Like England's Andy Sullivan, MacPherson is a tenacious competitor who easily gets fired up to nail a course when his game is hot. Should MacPherson survive the qualification rounds, I tend to favour his chances that he'll strongly perform at this British Amateur.
Brett Drewitt is another to follow, particularly should he progress to the match play segment of this event.
Drewitt's match play record is impressive having won the US Pacific North West Amateur, as well as the Queensland Amateur, and after claiming his first main amateur stroke title at the Golf SA Classic just before leaving to the UK, his confidence remains on a high.
The qualification stroke-play stage of the British Amateur will be played on Monday and Tuesday (June 13-14) at Hillside GC and Hesketh GC. The top 64 players with ties reach the final match-play stage over four days (June 15-18) at Hillside Golf Club.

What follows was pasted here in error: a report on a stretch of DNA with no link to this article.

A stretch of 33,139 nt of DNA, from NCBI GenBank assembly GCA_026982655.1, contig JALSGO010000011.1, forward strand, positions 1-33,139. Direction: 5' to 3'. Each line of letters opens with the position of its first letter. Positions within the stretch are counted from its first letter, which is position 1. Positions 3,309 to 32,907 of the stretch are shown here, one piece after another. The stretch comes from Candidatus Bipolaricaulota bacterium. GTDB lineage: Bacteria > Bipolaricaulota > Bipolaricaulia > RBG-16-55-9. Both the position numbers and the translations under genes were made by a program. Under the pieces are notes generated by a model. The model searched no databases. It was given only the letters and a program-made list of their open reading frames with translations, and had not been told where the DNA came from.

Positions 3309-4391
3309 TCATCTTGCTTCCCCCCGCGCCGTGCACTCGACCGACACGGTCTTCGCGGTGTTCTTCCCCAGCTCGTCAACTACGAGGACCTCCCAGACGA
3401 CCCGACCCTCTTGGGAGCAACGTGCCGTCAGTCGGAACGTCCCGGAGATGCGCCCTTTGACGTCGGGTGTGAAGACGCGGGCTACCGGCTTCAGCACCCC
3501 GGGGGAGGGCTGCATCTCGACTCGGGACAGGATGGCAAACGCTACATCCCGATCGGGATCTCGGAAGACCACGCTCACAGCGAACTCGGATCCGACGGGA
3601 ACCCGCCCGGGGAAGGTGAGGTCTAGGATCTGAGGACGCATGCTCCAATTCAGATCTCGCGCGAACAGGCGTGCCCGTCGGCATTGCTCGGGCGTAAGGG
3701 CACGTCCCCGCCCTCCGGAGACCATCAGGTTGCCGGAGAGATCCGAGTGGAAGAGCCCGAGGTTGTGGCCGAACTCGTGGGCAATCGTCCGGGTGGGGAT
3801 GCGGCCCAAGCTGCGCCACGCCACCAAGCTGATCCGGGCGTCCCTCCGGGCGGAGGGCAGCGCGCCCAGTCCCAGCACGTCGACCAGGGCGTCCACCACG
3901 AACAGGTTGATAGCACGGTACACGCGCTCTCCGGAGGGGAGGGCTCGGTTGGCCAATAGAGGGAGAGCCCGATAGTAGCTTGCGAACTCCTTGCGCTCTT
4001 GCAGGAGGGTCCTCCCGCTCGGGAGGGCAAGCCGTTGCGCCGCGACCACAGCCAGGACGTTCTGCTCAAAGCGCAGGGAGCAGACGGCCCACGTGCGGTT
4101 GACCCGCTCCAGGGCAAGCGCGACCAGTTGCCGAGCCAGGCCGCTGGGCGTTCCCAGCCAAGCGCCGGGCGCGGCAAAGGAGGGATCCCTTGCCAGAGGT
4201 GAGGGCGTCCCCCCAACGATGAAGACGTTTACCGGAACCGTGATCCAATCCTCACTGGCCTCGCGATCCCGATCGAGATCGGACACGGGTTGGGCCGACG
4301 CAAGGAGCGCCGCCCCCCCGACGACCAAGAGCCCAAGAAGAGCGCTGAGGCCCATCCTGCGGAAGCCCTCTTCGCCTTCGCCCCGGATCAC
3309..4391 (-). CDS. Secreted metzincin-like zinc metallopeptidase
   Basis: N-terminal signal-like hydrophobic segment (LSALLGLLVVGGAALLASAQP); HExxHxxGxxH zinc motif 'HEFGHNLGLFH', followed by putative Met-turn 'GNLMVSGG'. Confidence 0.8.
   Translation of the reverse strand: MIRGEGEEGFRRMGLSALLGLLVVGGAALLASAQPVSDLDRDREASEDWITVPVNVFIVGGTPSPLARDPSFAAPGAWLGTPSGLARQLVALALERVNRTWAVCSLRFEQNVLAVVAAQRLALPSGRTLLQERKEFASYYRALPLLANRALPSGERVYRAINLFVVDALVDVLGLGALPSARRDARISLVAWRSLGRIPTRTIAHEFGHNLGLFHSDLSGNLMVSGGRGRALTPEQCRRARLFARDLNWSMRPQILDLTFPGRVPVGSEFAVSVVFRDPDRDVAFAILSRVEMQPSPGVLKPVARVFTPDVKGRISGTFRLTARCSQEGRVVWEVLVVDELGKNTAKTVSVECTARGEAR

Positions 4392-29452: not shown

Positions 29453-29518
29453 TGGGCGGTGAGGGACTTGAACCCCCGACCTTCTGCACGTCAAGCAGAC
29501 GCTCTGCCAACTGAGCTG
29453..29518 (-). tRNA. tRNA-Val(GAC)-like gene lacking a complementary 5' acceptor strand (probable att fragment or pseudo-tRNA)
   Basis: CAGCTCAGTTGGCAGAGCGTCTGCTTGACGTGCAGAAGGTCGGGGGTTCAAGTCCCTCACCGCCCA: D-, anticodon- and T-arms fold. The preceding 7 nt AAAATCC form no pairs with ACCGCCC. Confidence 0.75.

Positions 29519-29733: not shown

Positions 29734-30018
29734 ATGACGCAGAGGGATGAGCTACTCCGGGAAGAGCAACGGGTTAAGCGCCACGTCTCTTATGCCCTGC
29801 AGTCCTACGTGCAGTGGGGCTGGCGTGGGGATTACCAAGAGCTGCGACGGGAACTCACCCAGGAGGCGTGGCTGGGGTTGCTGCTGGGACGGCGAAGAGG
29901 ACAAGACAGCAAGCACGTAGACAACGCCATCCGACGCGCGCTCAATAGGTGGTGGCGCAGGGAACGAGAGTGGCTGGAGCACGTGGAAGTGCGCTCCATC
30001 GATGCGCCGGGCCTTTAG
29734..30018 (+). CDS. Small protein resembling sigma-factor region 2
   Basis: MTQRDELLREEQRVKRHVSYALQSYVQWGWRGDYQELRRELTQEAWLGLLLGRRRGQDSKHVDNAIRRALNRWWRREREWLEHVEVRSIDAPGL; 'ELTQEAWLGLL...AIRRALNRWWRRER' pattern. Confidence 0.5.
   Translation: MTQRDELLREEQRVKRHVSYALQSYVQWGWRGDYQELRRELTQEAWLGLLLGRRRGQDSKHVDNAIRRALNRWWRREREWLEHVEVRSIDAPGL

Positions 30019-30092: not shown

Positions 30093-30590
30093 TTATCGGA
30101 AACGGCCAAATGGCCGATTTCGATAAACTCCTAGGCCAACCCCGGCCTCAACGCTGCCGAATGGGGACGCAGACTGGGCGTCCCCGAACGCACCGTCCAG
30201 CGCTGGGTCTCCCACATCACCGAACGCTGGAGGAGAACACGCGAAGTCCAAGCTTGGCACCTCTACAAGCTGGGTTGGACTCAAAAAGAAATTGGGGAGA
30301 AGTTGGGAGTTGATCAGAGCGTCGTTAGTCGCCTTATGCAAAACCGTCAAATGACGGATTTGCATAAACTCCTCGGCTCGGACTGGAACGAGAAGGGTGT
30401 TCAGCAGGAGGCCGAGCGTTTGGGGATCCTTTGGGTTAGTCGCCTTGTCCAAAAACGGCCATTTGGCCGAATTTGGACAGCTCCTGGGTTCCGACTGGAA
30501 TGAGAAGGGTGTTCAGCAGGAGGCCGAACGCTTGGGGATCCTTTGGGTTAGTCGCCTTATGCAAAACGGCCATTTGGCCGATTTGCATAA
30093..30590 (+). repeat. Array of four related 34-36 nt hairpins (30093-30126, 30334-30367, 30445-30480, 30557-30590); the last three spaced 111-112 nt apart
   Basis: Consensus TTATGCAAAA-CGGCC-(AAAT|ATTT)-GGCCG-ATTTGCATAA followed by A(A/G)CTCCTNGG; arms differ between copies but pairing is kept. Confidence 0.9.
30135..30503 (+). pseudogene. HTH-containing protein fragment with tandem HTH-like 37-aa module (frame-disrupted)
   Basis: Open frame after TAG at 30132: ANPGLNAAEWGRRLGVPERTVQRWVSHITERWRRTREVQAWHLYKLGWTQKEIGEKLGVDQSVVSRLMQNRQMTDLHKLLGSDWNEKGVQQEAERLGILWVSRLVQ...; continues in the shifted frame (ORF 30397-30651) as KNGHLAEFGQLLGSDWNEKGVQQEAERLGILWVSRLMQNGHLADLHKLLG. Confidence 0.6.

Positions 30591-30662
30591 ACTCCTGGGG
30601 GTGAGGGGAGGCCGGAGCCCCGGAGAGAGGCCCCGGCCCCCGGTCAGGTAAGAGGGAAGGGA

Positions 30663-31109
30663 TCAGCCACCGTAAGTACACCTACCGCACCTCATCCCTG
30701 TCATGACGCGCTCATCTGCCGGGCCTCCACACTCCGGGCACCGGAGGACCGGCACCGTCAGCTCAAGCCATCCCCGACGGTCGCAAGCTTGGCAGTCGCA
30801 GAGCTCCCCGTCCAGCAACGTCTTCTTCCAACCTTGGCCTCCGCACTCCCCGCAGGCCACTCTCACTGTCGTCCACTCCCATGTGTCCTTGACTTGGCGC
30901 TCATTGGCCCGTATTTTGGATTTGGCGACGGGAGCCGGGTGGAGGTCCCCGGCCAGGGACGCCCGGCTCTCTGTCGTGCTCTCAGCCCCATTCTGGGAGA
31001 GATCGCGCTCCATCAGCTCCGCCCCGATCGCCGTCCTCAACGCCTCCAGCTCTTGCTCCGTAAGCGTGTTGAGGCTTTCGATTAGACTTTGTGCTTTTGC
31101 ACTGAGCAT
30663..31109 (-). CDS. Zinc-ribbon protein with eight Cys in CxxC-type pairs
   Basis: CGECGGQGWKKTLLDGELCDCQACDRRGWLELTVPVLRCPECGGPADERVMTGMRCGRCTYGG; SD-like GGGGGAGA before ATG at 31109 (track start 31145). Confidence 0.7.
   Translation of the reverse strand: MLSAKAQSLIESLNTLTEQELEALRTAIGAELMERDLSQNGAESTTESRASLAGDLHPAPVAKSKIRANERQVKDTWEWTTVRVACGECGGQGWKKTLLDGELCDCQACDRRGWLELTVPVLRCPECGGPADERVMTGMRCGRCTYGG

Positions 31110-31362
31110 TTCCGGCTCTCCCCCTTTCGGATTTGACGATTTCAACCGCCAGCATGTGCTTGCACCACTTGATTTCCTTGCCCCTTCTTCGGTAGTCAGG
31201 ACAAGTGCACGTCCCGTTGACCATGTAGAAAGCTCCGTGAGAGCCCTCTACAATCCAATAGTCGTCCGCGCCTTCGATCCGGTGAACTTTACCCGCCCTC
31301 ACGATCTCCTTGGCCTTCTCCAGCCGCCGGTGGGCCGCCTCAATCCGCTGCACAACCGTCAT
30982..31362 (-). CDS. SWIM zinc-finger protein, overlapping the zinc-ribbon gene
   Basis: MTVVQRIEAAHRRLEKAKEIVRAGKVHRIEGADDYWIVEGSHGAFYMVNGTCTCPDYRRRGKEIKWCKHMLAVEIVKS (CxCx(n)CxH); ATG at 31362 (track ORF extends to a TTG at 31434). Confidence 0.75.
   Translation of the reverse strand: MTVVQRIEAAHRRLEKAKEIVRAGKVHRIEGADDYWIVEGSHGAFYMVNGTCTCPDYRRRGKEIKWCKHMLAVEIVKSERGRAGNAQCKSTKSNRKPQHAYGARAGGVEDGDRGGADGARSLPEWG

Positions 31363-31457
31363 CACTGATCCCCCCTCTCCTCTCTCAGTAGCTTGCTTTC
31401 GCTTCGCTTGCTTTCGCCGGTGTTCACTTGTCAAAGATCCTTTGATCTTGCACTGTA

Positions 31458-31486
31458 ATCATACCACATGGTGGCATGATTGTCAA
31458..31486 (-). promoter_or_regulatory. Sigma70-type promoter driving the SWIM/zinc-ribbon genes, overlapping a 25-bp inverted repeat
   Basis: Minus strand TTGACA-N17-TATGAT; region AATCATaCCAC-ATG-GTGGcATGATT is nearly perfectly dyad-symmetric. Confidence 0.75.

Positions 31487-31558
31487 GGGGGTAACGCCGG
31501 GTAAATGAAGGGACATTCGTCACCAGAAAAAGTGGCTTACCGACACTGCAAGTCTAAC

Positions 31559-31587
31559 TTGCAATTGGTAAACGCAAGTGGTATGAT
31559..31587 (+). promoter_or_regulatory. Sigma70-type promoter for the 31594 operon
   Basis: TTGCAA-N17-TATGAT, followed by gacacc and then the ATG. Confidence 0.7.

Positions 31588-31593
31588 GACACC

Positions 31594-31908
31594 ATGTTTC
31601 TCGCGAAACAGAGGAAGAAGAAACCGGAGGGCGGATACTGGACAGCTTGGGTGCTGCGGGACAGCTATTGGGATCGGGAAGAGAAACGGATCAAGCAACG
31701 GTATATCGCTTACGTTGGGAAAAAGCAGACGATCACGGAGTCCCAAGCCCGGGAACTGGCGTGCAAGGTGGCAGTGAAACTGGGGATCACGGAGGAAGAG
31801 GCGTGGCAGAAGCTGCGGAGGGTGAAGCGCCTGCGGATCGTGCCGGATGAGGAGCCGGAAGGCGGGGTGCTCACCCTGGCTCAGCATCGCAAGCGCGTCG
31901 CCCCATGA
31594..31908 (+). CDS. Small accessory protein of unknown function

Last year Aussie based Korean, Jin Jeong, captured a 5&4 win over Scotland's James Byrne in the 36-hole final at Muirfield Golf Club in Scotland. Jeong has since turned professional and is currently based in the US playing on sponsor's invites and the various feeder tours on the demanding US circuit.